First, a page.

The third village was interesting to visit since, while like the other two villages it has zero wells, it’s the closest to the forest reserve I work with and has benefited from more projects. One of the first people I saw was a little boy in a kid-sized wheelchair (extremely rare) with his feet wrapped in gauze from a recent surgery to repair severe clubbing (the surgery is also rare; most people just live with whichever disabilities they’re born with). We also stopped by the new school building, which was a sharp contrast to the “homemade” buildings still standing next to it, which strongly reminded me of pigpens—low, built with makeshift materials, and falling down.
Community meetings are an exhausting necessity. In the case of smaller towns, everyone gathers in an open space in the center of town, and after the empty rhetoric speeches about development by the VIPs, we get down to business: what we’re doing, when we’re doing it, why it’s important, and how they need to help. The well building requires significant community input, just not in the form of money. The town will gather sand and gravel for the cement mix, house and feed the two supervising builders for the duration of their time in the town, and transport the building materials (including sacks of cement) by a combination of human labor and dugout canoe from the main road to the building sites. More importantly, two people from the town will be required to work on the project everyday, helping with the manual labor and more importantly learning how to actually build the well, so they can do repairs and possibly even start a new project later on.
The villagers are excited about the well but their immediate question was—“ Why only one? There are almost 1000 people in this village, why do we only get one well?” I expected this, but it’s a little hard for me to explain, so I was happy that the “other VIPs” fielded the question. It’s because there are six towns in the area without wells, and we only have funding for three, so we’re spreading it out to do the most good. It’s because we need to make sure the villagers use and take care of the first well before we invest in more—future wells will be based on who takes the best care of and makes the best use of the one they’ll have soon. It’s because while there’s 1000 people in the area, not all of them are going to switch to a clean water source out of habit and convenience, and one well is enough (just enough, but still enough) to support the 500 or so who will make the switch immediately. And, most of all, it’s because we had to make a choice—no way do we have to resources or time to build the 12 wells needed before rainy season, so the choice was to build one each in the three towns closest to the forest reserve. Once this was clear (and in particular, once my co-worker made it clear there were other towns who would happily accept the wells if the villages in question didn’t have their contributions ready in a week), they were enthusiastic again.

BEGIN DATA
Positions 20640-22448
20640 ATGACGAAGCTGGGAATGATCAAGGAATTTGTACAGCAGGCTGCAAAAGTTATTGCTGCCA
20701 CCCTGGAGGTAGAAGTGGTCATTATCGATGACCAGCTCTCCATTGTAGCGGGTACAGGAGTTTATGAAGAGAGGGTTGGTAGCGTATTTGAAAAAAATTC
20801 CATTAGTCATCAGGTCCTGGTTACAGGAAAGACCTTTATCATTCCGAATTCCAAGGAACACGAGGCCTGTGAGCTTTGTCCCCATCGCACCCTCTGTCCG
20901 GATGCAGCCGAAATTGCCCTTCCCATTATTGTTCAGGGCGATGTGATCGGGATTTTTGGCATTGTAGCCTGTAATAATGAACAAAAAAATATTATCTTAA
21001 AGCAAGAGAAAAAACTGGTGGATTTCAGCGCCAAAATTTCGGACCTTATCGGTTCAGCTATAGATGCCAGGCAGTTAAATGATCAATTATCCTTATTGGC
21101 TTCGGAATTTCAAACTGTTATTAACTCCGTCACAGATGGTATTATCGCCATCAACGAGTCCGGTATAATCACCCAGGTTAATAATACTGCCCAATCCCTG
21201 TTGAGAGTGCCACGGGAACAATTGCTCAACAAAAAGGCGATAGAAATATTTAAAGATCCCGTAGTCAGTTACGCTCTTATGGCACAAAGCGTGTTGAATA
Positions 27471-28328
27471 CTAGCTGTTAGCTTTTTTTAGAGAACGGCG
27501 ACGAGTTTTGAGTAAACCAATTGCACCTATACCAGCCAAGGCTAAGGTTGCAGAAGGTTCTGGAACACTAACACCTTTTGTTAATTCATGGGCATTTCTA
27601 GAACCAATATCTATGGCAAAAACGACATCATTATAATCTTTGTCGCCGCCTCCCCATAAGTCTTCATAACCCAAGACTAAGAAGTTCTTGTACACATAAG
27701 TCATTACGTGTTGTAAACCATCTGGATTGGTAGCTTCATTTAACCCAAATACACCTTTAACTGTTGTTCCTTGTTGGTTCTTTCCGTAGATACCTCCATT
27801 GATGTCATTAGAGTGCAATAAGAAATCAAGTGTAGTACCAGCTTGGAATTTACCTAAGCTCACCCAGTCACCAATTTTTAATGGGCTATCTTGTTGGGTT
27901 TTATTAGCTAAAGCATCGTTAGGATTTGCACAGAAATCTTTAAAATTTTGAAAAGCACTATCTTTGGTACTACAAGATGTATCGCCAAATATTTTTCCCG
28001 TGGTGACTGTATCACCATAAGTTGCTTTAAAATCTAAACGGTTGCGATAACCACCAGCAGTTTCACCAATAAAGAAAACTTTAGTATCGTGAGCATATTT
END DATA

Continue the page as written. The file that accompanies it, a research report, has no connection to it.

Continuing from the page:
I read an article somewhere that categorized aid workers as either cowboys or statisticians. Cowboys (and girls) see a single person or a small cause that needs help and throw themselves in to help, full commitment. Statisticians look at what will make the most sense and do the most good for the most people, and work on that. There’s value in both approaches, and people get motivated by both. Choosing the well sites? That’s statistics. The boy who received surgery and a wheelchair? Cowboy aid work. My desire, when I see a child with a cleft palate, to get the kid to a hospital and pay for the surgery myself if I have to? Cowgirl. They both make sense, but sometimes they feel mutually exclusive.
Anyway, back to actual work. After wrapping up the community meetings we chose the sites for the wells, and the builders were hugely amused when I wanted to help dowse for water—they have two L-shaped metal wands that they hold loosely by the short length and observe the movement and direction of the long end. I’m not sure how scientific it is, but it’s definitely fun.
After the villages gather together the materials they need, they’ll send a note to my co-worker, who will tell me, who will tell the builders to buy the materials, which will be picked up at the trailhead when we send out an announcement on the radio for “the villagers of Anamboafo, Marolamba, and Antanandava to come to the road on Thursday and pick up their well supplies”. No cell service, you know.